2017 CompuCom Insights Series
The Device Has Become the Center of the Employees’ World
Employees are bringing consumer expectations of technology into the workplace. Consumers want technology to help them complete transactions and inquiries with maximum efficiency. They expect access to information through a wide array of channels with the ability to start transactions in one channel and then complete them seamlessly in others. They want proactive exposure to entirely new products and services, but they expect their information to be fully protected. Similarly, employees expect to have anytime, anywhere access to all important tools, services and support through any connected device — both mobile and stationary. Thus, the device has become the center of the employee and consumer’s world.
The result is a large impact on IT leaders and organizations to protect and manage the plethora of devices that are entering the workplace in a cost-effective and employee-satisfying manner.
IT Implementation Challenges
There are multiple ways for IT organizations to support consumer-centric IT delivery. As such, IT leaders must carefully consider what works best for their organizations. On the device side, Bring-Your-Own-Device (BYOD) is a popular option, because it delivers a number of business benefits; however it also creates complexities for IT organizations. In addition to keeping track of individual device histories, IT functions must handle an increased variety of break-fix, software patching, and security related issues as compared to standard-issue devices.
On the other hand, owning and distributing devices that are more consumer-friendly, reduces the amount of personal connection employees feel with their devices, and adds to the complexity of trying to separate work from life. However, it does make handling the variety of device-related issues less unwieldly. Organizations can choose to party with a third party services provider to procure and maintain devices, or can do this in-house. The selection of devices and features must be carefully balanced, keeping in mind cost, security and flexibility for employees. Relatedly, employee software delivered on devices must meet the latest consumer demands, drawing from the best of commercial software. Cutting edge UI/UX is not a traditional internal IT strength, and requires designing customer journeys in fundamentally different ways.
Finally, the delivery of services to employee devices and software — patches, break-fix, device swaps — must also meet the consumer demand. Giving employees the flexibility to receive support the way they want, whether through self-service, on-site support or remote provisioning, improves their IT experience. However, it adds additional cost considerations, and resource capabilities to ensure the channels of delivery are effective.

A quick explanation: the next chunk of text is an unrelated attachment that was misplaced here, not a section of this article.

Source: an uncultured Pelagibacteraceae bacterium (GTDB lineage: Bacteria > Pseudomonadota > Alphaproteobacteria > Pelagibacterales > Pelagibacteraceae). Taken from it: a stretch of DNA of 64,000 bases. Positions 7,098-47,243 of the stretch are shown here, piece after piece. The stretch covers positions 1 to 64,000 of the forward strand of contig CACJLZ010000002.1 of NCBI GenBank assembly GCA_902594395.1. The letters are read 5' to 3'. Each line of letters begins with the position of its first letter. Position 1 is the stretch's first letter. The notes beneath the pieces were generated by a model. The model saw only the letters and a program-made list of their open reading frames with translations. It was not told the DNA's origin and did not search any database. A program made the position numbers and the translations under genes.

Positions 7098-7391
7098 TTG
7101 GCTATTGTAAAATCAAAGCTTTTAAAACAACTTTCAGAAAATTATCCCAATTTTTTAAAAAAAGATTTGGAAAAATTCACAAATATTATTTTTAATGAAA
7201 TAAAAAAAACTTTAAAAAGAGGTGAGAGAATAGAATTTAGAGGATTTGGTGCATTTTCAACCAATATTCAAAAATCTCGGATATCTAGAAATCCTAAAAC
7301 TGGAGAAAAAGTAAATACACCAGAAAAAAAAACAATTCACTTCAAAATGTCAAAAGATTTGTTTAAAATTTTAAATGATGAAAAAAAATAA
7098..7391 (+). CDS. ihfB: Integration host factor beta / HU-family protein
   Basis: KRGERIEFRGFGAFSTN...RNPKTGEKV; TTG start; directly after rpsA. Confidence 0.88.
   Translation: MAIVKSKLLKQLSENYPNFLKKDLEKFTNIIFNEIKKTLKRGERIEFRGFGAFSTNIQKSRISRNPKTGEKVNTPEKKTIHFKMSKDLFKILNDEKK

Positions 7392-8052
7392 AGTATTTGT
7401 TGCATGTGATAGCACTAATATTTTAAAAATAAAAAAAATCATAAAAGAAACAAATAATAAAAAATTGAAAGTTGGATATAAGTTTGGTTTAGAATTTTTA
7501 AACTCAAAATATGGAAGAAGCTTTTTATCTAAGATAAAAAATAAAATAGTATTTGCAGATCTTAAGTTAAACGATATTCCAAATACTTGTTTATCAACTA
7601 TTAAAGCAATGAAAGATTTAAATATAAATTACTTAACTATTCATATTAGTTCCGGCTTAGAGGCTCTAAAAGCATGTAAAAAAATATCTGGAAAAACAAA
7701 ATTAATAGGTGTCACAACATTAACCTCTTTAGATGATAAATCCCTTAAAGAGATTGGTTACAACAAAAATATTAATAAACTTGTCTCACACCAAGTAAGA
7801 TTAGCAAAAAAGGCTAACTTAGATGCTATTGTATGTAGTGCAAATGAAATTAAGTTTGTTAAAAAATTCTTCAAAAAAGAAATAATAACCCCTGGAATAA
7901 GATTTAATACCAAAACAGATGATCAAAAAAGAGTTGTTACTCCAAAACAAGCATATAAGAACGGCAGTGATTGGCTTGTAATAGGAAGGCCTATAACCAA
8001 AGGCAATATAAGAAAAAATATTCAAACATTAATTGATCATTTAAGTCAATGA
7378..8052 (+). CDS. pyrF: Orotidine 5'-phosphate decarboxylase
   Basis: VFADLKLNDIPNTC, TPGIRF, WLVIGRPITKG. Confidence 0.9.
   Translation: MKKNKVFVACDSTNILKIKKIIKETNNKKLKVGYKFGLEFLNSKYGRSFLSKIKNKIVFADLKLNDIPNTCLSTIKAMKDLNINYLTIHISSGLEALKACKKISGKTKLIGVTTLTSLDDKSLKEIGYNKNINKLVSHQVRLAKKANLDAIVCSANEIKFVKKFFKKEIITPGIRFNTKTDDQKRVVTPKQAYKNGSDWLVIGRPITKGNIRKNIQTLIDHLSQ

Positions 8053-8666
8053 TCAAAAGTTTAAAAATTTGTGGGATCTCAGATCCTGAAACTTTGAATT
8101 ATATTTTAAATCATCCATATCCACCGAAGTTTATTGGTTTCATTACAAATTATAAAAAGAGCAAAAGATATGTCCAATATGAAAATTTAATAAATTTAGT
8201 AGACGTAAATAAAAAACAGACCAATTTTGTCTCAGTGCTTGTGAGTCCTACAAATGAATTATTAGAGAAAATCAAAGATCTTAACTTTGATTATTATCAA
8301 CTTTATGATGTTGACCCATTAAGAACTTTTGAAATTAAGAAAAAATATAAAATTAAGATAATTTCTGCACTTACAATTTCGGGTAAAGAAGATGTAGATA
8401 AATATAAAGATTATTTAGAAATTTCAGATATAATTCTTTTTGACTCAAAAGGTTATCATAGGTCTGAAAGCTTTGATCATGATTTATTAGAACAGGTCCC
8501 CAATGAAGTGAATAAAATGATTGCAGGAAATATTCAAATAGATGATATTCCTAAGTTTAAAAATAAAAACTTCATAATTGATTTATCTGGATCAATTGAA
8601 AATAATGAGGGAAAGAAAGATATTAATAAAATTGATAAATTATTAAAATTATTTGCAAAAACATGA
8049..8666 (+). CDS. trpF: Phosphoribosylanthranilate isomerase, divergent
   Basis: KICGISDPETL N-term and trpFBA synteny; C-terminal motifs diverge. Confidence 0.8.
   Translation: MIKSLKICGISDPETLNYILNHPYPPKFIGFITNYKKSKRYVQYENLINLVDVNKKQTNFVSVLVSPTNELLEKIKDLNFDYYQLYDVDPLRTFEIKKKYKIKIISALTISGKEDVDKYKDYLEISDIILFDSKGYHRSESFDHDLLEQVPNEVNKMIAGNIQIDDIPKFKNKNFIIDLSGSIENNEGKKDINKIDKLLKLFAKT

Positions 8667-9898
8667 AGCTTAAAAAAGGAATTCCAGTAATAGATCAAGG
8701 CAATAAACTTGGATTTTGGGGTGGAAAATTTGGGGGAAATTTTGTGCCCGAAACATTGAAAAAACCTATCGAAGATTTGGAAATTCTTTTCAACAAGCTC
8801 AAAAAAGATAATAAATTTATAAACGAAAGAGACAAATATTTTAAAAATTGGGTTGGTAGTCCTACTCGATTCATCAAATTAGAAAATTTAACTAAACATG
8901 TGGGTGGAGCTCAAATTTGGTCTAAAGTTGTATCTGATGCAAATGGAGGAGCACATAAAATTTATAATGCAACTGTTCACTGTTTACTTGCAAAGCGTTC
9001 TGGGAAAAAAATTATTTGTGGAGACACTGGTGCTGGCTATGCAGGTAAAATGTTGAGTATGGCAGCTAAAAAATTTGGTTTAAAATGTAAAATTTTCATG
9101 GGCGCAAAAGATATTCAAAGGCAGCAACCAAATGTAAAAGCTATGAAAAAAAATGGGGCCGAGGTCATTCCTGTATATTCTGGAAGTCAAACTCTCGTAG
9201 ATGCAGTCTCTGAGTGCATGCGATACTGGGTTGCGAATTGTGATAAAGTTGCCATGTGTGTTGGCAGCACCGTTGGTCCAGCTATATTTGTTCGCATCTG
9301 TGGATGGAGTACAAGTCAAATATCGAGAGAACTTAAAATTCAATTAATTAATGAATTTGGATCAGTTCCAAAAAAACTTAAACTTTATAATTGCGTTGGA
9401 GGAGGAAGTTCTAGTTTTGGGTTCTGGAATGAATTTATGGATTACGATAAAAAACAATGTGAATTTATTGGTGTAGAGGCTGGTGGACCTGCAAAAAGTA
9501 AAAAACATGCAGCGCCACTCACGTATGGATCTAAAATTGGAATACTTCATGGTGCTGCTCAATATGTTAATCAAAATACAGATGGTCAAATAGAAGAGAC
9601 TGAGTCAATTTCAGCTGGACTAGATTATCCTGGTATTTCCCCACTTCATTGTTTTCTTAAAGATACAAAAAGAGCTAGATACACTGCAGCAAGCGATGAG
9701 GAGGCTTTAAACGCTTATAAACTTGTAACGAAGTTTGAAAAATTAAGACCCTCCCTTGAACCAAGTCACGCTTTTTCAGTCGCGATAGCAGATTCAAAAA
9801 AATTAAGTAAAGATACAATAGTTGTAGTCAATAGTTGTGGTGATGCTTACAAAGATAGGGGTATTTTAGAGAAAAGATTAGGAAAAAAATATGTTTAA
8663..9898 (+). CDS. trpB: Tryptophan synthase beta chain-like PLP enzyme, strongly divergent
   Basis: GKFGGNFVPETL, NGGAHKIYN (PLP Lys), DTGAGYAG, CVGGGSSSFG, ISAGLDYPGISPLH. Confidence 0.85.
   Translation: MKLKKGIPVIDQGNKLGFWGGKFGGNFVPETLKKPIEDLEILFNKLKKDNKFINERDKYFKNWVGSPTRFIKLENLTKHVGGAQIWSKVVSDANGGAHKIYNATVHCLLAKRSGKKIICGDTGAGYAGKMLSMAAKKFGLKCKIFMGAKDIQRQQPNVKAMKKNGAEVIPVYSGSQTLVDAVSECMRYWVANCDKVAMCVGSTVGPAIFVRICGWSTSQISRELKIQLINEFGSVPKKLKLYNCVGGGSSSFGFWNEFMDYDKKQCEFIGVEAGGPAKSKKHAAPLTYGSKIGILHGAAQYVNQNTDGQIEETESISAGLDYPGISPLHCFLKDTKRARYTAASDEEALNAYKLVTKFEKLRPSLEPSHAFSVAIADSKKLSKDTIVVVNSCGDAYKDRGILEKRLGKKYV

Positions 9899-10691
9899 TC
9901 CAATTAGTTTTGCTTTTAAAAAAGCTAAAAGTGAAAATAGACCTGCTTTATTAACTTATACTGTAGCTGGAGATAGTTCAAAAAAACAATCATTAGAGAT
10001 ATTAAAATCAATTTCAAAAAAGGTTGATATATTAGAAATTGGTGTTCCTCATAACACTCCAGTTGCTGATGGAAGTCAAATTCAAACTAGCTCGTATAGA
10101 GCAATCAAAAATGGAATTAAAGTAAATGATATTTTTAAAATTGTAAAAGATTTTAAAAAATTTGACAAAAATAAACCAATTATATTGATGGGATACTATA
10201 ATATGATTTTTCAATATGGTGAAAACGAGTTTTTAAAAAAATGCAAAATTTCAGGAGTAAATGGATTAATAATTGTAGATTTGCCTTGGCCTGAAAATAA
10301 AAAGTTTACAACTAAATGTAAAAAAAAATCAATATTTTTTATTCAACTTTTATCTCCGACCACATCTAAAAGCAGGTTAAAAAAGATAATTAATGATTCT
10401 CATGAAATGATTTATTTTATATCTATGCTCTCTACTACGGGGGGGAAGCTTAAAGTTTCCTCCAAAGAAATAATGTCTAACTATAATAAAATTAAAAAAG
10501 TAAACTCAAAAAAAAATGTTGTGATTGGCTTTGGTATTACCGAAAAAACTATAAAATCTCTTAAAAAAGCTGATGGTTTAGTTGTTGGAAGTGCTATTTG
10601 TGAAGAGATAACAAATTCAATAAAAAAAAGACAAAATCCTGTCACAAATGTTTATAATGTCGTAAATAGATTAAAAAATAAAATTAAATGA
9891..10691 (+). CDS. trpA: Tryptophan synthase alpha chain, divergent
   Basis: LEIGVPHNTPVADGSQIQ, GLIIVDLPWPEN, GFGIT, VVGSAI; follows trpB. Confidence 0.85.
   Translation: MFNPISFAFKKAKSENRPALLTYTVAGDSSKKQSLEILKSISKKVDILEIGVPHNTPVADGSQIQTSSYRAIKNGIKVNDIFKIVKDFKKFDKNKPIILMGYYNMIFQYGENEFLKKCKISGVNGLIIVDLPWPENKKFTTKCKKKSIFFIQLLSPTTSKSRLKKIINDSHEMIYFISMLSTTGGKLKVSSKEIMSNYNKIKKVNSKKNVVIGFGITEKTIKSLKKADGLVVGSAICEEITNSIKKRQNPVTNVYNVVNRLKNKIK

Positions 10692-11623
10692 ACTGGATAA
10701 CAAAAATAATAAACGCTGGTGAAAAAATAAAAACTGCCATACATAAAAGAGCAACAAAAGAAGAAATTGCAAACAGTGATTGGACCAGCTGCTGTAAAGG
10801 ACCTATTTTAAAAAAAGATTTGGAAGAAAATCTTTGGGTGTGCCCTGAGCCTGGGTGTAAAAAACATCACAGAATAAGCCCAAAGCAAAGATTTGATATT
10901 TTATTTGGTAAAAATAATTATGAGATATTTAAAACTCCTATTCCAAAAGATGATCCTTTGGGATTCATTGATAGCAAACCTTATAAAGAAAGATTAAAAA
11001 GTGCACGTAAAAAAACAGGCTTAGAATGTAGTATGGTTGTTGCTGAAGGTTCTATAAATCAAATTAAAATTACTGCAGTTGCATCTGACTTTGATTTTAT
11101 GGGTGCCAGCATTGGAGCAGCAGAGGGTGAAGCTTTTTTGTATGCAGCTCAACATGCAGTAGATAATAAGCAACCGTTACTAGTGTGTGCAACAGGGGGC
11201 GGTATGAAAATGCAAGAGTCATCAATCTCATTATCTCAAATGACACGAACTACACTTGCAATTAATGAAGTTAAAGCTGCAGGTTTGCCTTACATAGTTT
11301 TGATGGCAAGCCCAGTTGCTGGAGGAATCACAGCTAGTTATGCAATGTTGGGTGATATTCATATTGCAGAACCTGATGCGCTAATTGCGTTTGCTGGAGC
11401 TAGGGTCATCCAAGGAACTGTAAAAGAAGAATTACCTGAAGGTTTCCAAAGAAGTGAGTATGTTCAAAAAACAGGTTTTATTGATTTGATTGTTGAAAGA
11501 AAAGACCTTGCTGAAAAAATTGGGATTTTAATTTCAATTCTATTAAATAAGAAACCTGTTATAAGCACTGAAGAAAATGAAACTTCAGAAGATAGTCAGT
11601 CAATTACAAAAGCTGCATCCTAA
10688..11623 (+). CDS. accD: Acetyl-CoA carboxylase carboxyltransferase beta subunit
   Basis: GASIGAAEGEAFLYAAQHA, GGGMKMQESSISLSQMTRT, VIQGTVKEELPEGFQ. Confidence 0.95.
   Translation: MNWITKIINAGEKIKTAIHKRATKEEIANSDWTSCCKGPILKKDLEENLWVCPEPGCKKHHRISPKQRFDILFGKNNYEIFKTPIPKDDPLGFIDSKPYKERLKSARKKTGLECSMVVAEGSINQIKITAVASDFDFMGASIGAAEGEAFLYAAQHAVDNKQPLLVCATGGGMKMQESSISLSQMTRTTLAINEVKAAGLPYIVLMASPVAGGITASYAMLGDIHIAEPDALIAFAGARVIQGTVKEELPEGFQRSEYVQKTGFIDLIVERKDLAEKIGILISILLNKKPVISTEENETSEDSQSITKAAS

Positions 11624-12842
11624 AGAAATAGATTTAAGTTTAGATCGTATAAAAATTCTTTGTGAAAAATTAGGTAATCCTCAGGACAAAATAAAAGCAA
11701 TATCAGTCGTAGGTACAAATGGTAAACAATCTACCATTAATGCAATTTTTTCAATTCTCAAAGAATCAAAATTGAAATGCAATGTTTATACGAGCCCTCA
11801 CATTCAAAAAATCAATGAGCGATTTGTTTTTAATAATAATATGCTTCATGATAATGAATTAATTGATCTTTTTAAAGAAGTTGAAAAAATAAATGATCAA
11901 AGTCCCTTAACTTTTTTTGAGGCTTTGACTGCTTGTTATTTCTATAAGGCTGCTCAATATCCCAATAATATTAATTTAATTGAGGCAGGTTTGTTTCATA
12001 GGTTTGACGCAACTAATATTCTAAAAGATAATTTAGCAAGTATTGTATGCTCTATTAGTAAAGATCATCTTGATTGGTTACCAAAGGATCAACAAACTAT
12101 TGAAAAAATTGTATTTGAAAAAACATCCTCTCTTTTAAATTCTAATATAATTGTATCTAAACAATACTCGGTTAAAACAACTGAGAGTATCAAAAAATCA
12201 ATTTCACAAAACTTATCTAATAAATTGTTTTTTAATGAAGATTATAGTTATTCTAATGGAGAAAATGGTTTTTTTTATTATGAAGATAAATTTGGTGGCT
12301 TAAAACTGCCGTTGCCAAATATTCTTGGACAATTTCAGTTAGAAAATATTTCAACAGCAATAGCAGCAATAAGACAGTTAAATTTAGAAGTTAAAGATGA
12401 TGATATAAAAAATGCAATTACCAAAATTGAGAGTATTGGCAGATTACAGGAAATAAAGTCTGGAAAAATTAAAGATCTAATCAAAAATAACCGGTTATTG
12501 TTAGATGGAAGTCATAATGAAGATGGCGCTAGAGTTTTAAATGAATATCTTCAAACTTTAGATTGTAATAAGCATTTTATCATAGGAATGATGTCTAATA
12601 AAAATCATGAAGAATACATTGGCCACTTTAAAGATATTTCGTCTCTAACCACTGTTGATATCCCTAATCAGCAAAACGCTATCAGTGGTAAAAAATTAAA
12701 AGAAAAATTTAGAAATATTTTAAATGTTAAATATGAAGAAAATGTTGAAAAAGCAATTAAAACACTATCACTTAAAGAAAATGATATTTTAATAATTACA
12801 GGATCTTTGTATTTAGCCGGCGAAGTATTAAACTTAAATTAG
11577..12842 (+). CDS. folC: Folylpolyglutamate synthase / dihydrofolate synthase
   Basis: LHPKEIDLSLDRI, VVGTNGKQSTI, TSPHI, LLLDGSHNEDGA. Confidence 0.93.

Benefits to Business
There are two primary drivers of value to businesses in delivering IT services through consumer-centric models. Device flexibility makes employers more attractive as employees can increase their mobility and can avoid the inconvenience of having both personal and work devices. BYOD is a popular option, as it reduces capital expenditures (CAPEX) for organizations, and enables employees to use the devices to which they have personal connections. BYOD is often associated with lower break-fix costs, lower hardware costs, and reduced application costs without increases in connectivity and support costs. Another large benefit for organizations is that the BYOD infrastructure investment makes IT platforms agnostic, which enables remote access from any other platform. Therefore, employees can increase productivity, are enabled to work from home, and the unique needs of each employee can be supported — whether the employee is a software developer or a marketing executive.
Risks to Business
Although there are significant benefits to the supporting consumerization forces at the workplace, there are also major risks. The top concern for IT leaders is security. Security concerns need careful examination across physical security (device loss), data security (weak encryption, data leakage), privacy issues (user data separation, custom applications), and compliance (government rules and standards compliance). These issues only increase with the functionality and variety of devices organizations allow. The consumerization of IT can also cause increased costs that are not always lower than the savings realized. Business applications, collaboration tools, and infrastructure investments can be drivers of cost, and companies must carefully develop policies to make sure these costs are minimal. Data loss, ownership of knowledge and data, and privacy are all also concerns for IT leaders. Many leaders struggle to create policies that are safe, integrate well with existing IT infrastructure, and have the ability to support the higher and more variable application loads.
As employee and consumer expectations change and become more demanding, there will be increased pressure for organizations to appeal to employees to retain talent and to appeal to consumers to drive sales. While there are both benefits and risks to the consumerization of IT, these expectations will inevitably force companies to create a unique policy to cater to both employee and consumer wants and needs.
With the consumerization of IT, IT leaders must design a policy that is right for their organization to enable employees, realize cost savings, and increase business value through increased sales opportunities.
Our insights are based on our 2017 CIO survey, where we interviewed top CIOs and technology executives from the Fortune 500 in 12 market segments — spanning retail to financial services — as well as our deep expertise in deploying solutions for clients over the past 30 years.